Thursday, February 7, 2008

Luke Chapter Three

Chapter 3 tells us who holds the power, who preaches with power and who is coming in the power of the Holy Spirit.

Reading: Luke 3.1-38

Scripture: "Eliakim was the son of Melea. Melea was the son of Menna. Menna was the son of Mattatha..." (Luke 3.31) (Ok, that was a joke. I didn't focus on the genealogy.) Here's what catches my attention: "Prove by the way you live that you have repented of your sins and turned to God." (Lk. 3.8, NLT) In the NIV it says, "Produce fruit in keeping with repentance."

Observations: John the Baptist, like Isaiah before him, called people who had lost their way to repent and turn back to God. When asked what they were to do to prove their repentance, he told those who had extra to share with those who didn't have any, and for those who were abusing their power (Tax Collectors and Soldiers) to cease their unjust ways.  

John the Baptist then points to two people who are polar opposites: Jesus, who is the one coming in the power of the Holy Spirit and approved by God; and Herod, who is the one in political power but is clearly disapproved by God. John doesn't pull any punches by naming Herod's sin, and Herod strikes back and wields his power by putting John in prison. Jesus is stepping into a volatile environment where real powers and real injustices clash with the gospel. I wonder how he'll rise to the occasion?

Apply:
Repentance is more than a wish and a prayer, it involves changing one's ways. And the call to repentance involves challenging injustice, especially the abuse of power. The same Holy Spirit that empowered Jesus is the same Spirit that John the Baptist says Jesus will baptize his followers with.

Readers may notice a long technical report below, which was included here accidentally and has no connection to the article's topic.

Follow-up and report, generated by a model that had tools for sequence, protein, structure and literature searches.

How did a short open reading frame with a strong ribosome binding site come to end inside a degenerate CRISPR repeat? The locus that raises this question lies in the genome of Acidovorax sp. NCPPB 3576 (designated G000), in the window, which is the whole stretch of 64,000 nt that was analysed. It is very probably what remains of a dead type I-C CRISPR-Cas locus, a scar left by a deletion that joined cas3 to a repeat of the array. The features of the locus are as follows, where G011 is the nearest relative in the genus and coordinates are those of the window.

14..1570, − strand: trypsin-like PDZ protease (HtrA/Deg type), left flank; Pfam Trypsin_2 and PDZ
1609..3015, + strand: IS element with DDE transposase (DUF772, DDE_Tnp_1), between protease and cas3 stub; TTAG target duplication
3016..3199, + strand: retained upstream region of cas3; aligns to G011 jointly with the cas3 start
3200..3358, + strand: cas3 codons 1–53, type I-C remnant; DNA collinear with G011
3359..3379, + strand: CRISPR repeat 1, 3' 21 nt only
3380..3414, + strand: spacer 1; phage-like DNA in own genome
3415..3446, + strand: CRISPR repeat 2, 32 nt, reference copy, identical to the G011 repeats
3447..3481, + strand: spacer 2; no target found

Prayer: "Jesus, help me to walk in humility by turning away from the things that destroy my soul, and where there are injustices, empower me by your Holy Spirit to speak the truth, even though it may cost me."

5 comments:

Laura K said...

At first glance, John's initial exhortation seems very harsh and close to legalistic. But then it is apparent that he is accepting people for who they are, in the place where they currently are. He doesn't rebuke the tax collector or soldier for being in those controversial positions, but instructs them in how to live a Godly life in their daily practices. This recognition is sandwiched between strong words telling of the coming King and Kingdom.
This is a great example of knowing the fragility of the message- he affirmed their current struggles- and boldly directed the new way.

traci said...

LOL Pastor Bill! the geneoligy (oh just GET OVER my lack of spelling skills!!) catches my eye this time of year cause I start in Genesis in January and so I am knee deep in lots of those names by now.
But the GRACE that catches my HEART is the continual theme of the NT (and really the whole bible) to take care of the lesser. (feed the poor, give your extra coat to someone who's cold).
Abba Father, am I stepping up to Your clear calling in scripture to reach out to other folks in meaningful ways to show them Jesus is alive and He loves them.